“I understand … that we have got to do something now, but my god, I believe we’re going to make Blair a million, plus a million, plus another million dollars. It’s getting to be crazy right here,” Pannell said.

Prior to the 8-0 vote to accept the change order, Witt opened the floor to comments by fellow supervisors. ED-8 supervisor William Bryant Claiborne jumped in immediately. “I couldn’t wait [to be allowed to speak],” he began.

“I have to make this statement, y’all, because I’ve been on this board since this came up,” Claiborne said. Aside from ED-1 supervisor J.T. Davis, no other member of the Board of Supervisors was part of the initial board discussions over the future of the courthouse. “Six years ago this thing came up, and this board is not to blame for anything — none of them were here — but I just have to say the same issue came up, and six years ago it would have cost us approximately $10 million to do the courthouse,” Claiborne said.

“Don’t blame the people that’s up here, because that’s [the change order] something that should have been done six years ago. And I wouldn’t feel right if I didn’t say that.”

Claiborne added that “I think some of the people that we hired allowed politics to get in the way. I’m not going to sit back and call names of the people I’m talking about there, but those people need to not be political. That’s all I’m saying.”

Rather than laying blame on supervisors, Claiborne suggested the public should consider the role of the county’s advisors and staff in developing plans for the courthouse. “I think there was too much improper advice given to us. We’re not the professionals here. We’re just a governing board. The professionals are the people we hire,” he said.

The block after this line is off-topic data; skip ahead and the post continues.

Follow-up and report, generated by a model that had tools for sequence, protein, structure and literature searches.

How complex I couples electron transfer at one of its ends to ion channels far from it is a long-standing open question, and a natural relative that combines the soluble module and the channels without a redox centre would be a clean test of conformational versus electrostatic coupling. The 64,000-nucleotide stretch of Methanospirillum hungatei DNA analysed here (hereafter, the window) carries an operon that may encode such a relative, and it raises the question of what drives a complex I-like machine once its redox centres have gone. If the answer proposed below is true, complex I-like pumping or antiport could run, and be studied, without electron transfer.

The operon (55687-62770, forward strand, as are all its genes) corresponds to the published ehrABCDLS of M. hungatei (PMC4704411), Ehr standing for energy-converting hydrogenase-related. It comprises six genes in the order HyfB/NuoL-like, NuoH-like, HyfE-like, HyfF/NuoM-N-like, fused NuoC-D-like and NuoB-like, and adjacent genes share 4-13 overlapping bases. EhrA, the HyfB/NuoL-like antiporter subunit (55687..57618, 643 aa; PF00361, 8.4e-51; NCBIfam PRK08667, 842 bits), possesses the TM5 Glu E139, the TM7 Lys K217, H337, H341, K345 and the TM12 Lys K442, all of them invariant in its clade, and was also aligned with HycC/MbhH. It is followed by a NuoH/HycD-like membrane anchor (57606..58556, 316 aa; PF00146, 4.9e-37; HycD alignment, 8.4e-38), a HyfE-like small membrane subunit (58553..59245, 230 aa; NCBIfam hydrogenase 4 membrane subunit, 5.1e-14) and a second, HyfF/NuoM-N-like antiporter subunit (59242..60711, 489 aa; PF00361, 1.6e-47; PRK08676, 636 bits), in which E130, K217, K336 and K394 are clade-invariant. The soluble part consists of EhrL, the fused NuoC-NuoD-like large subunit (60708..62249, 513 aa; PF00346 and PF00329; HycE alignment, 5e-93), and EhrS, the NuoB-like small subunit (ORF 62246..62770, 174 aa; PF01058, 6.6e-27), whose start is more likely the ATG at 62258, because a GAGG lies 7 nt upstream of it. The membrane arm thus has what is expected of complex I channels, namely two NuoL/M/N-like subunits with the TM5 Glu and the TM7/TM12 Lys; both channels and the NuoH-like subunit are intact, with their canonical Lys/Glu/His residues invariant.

That drew a retort from Davis, who also served on the Board of Supervisors in 2011 when members first weighed a response to judges’ demands for a modern and secure courthouse facility. Referring to Claiborne’s comment about “improper advice,” Davis said, “It’s just not that simple.”

He said the demands by the judiciary played a major role in driving up the cost of courthouse improvements and said attorneys on all sides — for the county, the judges and the architect — made for difficult communication and hard feelings.

“You had to speak through a filter … We were basically forbid to communicate with those folks,” said Davis, adding, “It could’ve been a lot easier path we could have gone down.”

He also faulted outside parties, including the Town of Halifax, for seeking changes to the evolving courthouse renovation plan. “I’ve almost lost count of the number of drawings we’ve had. At one point I think it was 18.